Abstract 16151: Exercise Training Decreases Arterial Stiffness and Improves Brain Perfusion in Sedentary Elderly Women
Arterial aging may contribute to reduction in brain perfusion in older adults. We assessed the hypothesis that aerobic exercise training reduces arterial stiffness and improves brain perfusion in sedentary women over 60 years old.
Twenty five sedentary but healthy women with a mean age of 72 years (range 60-81) participated in an individualized moderate intensity aerobic exercise training program for 3 months. Each subject's fitness level was measured with VO2max. Blood flow in the left and right common carotid arteries (CCA), internal carotid arteries (ICA) as well as the vertebral arteries (VA) was measured using Doppler ultrasonography. Carotid to the femoral and to the radial artery pulse wave velocity (PWV) and augmentation index (AIx) of the right CCA were measured using applanation tonometry to assess arterial stiffness. Pre- and post-training comparisons were made with paired t-test.
After training, VO2max was increased by 10% (19.2 ± 3.3 vs. 17.4 ± 2.6 ml/kg/min, p=0.001). Systolic and mean blood pressure were reduced by 4% (117 ± 12 vs. 122 ± 11mmHg, p= 0.02) and 4% (81 ± 9 vs. 84 ± 9 mmHg, p= 0.02) respectively. Blood flow was increased by 10% (288 ± 80 vs. 261 ± 64 ml/min, p=0.03) in the left ICA and by 11% in the right ICA (271 ± 68 vs. 244 ± 63 ml/min, p=0.007). Correspondingly, cerebrovascular resistance was decreased by 13% (0.15±0.03 mmHg/ml vs. 0.17±0.04, p = 0.005). Notably, both carotid to-the femoral and to the-radial artery PWVs were decreased (10.1 ± 2.6 vs. 10.8 ± 2.6 m/s, p=0.02 and 7.4 ± 1.0 vs. 8.0 ± 1.2 m/s, p=0.04). And AIx of the right CCA was decreased (21 ± 8 vs. 24 ± 7 %, p=0.01) after training.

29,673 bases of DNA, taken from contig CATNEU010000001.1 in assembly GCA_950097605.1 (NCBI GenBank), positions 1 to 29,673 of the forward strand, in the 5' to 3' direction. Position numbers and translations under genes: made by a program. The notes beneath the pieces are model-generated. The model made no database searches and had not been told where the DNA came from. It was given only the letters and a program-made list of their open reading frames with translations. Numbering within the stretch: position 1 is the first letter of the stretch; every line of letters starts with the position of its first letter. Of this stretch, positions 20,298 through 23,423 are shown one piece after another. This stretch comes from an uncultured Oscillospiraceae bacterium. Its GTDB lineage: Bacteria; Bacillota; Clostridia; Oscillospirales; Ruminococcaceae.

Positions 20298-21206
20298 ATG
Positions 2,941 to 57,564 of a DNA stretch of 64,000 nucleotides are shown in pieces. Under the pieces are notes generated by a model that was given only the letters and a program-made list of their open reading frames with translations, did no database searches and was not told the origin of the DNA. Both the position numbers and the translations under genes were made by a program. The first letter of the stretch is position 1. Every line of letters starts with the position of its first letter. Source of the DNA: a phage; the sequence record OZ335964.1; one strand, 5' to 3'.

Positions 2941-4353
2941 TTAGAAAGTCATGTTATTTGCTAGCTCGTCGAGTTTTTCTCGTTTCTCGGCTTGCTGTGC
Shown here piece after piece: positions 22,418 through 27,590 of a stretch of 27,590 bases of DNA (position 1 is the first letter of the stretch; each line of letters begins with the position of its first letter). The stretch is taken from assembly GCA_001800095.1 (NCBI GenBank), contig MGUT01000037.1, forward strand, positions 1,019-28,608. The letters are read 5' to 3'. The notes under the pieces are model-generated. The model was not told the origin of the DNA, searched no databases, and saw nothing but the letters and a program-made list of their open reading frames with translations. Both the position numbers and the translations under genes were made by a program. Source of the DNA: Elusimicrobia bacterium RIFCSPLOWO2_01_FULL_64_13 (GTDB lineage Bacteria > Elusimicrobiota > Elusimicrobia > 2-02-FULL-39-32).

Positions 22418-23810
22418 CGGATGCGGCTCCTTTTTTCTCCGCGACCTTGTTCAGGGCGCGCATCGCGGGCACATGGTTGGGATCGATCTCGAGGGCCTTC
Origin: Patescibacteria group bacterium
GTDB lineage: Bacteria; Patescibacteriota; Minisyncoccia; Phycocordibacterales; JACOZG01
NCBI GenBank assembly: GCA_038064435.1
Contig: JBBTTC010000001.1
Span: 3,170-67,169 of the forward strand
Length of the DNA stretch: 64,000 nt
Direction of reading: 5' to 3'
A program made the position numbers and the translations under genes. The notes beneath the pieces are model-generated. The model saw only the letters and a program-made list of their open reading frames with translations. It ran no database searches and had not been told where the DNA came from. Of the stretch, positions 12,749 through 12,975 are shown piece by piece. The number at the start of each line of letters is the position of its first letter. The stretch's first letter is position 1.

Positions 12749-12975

These data suggest that brain perfusion can be improved with short-term aerobic training in sedentary elderly women which may be related to reductions in arterial stiffness.
- © 2011 by American Heart Association, Inc.